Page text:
REMEMBERING THE “Mother of the Na­tion” BORN: Septem­ber 26, 1936 DIED: April 2, 2018

Inner City Gazette - - Front Page - By Moses Moyo moses­[email protected]

“Fear­less in the face of tor­ture, im­pris­on­ment, ban­ish­ment and be­trayal, she stood firm in her con­vic­tion that apartheid could be brought down.

In 1952 peo­ple across the coun­try were par­tic­i­pat­ing in the De­fi­ance Cam­paign – a series of co­or­di­nated strikes, mass action cam­paigns, boy­cotts, and civil dis­obe­di­ence. Madik­izela des­per­ately wanted to join the protests, but also keenly felt the sac­ri­fices her fam­ily had borne to give her the op­por­tu­nity to ed­u­cate her­self. She re­luc­tantly sat the protest out and com­pleted her stud­ies.

In 1953 she moved to Jo­han­nes­burg to study so­cial work. She quickly re­alised that the city of gold was built on the se­vere ex­ploita­tion and op­pres­sion of black South Africans. Through her work as a young so­cial worker she was ex­posed to in­hu­mane con­di­tions faced by the black work­ing class: un­in­hab­it­able homes, poor san­i­ta­tion, a lack of se­cu­rity and high in­fant mor­tal­ity rates. Her com­mit­ment to their strug­gles saw her turn down a pres­ti­gious schol­ar­ship to study at a univer­sity in Bos­ton. In­stead she joined the staff of Barag­wanath Hospi­tal as the coun­try’s first black woman so­cial worker.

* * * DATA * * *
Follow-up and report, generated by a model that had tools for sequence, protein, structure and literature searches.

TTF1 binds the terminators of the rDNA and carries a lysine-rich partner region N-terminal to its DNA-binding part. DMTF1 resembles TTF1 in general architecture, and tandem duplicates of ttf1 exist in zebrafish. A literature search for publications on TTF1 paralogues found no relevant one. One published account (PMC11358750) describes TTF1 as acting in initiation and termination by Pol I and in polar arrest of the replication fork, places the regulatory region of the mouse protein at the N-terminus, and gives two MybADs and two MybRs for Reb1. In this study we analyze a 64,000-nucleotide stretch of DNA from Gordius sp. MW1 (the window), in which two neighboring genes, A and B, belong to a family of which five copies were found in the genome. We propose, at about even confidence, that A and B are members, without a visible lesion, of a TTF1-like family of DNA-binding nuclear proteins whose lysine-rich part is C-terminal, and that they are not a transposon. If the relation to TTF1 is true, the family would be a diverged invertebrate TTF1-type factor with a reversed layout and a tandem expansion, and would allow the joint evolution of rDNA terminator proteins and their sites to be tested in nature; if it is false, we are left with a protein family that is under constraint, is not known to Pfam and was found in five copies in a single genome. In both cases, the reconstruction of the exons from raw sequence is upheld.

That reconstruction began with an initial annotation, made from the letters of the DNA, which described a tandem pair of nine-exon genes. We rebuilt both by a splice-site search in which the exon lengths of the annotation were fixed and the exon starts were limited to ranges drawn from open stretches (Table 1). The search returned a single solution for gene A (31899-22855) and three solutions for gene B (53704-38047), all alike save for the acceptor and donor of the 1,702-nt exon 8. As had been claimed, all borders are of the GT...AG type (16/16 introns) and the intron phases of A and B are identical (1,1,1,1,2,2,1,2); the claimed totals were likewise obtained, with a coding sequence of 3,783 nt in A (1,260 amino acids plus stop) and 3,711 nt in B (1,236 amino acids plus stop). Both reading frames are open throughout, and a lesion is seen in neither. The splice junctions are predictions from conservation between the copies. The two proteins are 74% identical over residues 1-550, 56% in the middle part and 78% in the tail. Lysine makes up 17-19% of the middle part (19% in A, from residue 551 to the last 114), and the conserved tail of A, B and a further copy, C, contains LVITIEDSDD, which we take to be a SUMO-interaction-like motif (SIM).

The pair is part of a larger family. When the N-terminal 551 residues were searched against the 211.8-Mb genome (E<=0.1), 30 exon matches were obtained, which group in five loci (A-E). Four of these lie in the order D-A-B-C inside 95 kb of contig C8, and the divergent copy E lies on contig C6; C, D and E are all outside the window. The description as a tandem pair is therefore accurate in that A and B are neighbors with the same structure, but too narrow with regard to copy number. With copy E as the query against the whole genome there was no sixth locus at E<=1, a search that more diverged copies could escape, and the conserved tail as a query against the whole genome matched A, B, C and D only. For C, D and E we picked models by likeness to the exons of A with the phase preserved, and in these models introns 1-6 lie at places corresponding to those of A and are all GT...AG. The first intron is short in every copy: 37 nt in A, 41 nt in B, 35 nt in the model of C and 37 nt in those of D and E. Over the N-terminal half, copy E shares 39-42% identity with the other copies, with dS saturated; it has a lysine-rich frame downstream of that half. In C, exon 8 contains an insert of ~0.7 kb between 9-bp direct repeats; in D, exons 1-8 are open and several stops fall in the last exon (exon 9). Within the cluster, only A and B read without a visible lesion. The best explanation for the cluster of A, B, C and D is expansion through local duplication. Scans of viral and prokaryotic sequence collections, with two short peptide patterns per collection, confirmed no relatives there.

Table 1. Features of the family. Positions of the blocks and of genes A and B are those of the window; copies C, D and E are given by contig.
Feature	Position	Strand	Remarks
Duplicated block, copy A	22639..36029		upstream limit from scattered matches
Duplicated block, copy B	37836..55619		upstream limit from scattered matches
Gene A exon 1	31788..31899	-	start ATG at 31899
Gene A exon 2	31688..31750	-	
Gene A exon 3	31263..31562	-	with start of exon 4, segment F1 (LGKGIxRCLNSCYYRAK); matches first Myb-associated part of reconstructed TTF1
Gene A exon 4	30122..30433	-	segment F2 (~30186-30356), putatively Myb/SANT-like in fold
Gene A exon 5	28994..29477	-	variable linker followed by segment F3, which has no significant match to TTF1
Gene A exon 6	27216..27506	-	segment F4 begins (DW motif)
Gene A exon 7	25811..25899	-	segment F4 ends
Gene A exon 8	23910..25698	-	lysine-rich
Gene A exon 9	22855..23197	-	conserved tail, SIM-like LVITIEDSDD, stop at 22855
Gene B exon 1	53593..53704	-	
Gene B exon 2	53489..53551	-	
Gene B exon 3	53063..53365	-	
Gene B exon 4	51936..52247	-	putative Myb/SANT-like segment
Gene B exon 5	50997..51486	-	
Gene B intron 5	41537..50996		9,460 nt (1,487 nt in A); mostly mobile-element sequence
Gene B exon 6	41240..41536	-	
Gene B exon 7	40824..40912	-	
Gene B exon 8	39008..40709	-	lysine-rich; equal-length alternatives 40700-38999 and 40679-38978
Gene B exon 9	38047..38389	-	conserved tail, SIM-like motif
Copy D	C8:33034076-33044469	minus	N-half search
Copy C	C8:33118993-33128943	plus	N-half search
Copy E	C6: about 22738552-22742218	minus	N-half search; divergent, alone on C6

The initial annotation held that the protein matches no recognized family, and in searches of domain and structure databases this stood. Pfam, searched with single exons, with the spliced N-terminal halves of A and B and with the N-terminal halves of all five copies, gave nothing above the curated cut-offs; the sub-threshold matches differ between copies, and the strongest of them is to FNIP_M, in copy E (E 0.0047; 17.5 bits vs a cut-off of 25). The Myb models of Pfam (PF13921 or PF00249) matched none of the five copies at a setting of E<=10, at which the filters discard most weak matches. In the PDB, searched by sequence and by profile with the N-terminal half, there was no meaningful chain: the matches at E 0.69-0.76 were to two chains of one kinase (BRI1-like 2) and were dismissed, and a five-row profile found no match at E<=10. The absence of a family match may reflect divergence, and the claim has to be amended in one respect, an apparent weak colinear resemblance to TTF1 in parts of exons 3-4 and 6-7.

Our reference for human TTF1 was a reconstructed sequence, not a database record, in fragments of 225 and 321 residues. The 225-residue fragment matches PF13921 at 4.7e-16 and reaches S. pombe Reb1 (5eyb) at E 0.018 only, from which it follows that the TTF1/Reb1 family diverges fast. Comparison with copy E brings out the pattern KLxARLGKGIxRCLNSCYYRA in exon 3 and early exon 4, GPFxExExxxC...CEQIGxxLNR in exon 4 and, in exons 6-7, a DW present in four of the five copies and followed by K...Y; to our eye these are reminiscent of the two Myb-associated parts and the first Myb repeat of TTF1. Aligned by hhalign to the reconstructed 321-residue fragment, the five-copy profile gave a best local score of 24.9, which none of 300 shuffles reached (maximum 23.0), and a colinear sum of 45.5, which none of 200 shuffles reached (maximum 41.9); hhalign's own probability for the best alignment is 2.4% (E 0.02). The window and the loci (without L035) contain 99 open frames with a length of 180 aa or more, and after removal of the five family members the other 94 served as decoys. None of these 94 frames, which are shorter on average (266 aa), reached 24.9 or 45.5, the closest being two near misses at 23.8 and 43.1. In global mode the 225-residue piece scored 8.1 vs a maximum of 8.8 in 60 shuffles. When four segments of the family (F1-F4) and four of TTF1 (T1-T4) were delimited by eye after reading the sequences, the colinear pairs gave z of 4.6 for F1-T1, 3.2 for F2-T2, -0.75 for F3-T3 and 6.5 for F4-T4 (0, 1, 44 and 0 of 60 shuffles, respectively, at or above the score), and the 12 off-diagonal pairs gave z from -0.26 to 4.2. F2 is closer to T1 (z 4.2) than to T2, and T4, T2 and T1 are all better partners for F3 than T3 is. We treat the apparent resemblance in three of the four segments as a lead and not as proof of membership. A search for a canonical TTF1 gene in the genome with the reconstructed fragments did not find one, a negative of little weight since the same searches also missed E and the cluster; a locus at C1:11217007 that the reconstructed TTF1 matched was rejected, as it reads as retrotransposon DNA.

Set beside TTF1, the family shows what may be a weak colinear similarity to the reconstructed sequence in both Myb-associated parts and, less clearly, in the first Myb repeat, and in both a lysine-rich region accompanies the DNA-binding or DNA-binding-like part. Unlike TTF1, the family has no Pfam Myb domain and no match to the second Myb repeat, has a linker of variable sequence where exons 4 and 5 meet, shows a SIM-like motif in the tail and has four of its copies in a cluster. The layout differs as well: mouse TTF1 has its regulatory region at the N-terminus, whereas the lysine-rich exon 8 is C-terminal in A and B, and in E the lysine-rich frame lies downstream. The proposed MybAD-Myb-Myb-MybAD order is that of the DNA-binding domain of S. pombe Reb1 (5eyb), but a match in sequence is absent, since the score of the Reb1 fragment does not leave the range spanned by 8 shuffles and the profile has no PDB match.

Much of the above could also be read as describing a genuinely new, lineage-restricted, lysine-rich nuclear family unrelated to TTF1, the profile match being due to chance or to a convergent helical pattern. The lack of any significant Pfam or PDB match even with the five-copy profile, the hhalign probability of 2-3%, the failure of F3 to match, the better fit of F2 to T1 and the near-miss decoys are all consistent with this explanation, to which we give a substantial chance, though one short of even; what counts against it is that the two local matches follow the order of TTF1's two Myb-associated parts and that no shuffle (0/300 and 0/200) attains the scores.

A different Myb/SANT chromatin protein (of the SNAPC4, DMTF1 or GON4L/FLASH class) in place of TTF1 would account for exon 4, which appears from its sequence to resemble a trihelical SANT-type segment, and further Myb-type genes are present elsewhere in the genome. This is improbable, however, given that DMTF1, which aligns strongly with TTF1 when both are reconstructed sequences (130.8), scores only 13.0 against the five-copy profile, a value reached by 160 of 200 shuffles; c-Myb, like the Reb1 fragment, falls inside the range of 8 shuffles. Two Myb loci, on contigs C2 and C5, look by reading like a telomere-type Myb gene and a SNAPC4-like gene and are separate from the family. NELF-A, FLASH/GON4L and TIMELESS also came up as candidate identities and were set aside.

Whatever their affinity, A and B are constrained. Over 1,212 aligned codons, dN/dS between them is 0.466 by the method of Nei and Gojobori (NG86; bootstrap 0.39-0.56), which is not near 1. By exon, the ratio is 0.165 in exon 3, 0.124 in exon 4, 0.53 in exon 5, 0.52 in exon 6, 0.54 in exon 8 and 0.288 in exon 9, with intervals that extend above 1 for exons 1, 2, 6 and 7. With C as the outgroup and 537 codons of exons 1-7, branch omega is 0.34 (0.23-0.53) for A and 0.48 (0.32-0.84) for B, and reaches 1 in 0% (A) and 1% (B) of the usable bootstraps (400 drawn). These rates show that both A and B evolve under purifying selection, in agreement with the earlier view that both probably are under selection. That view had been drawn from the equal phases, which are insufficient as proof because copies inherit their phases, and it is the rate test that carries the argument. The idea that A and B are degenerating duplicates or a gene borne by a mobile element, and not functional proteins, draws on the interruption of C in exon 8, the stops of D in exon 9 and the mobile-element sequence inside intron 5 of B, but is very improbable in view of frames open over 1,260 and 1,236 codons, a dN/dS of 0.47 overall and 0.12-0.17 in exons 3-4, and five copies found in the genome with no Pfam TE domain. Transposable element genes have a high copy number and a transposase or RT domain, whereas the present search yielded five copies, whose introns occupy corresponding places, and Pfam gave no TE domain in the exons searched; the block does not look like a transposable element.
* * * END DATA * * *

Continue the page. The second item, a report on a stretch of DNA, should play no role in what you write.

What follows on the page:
Dur­ing this pe­riod she be­came more in­volved within the broad African Na­tional Congress (ANC) net­works and the work of the ANC Women’s League.

Her achieve­ments weren’t rare just for a black South African woman in a racist so­ci­ety; they were highly un­usual for any woman re­gard­less of class and race in the so­ci­ety at that time.

As were call Madik­izela’ s life it’ s im­por­tant to re­mem­ber that in 1957– by the age of just 21 and be­fore she met Man­dela–she was al­ready ex­tremely ac­com­plished.

PIC­TURED: THE LATE MOTHER OF THE NA­TION. Winnie Madik­izela-Man­dela was hailed by her sup­port­ers as a fem­i­nist icon. She be­came the leader of the women’s wing of the ANC in 1993, and be­lieved that black women suf­fered from “a triple yoke of op­pres­sion”...

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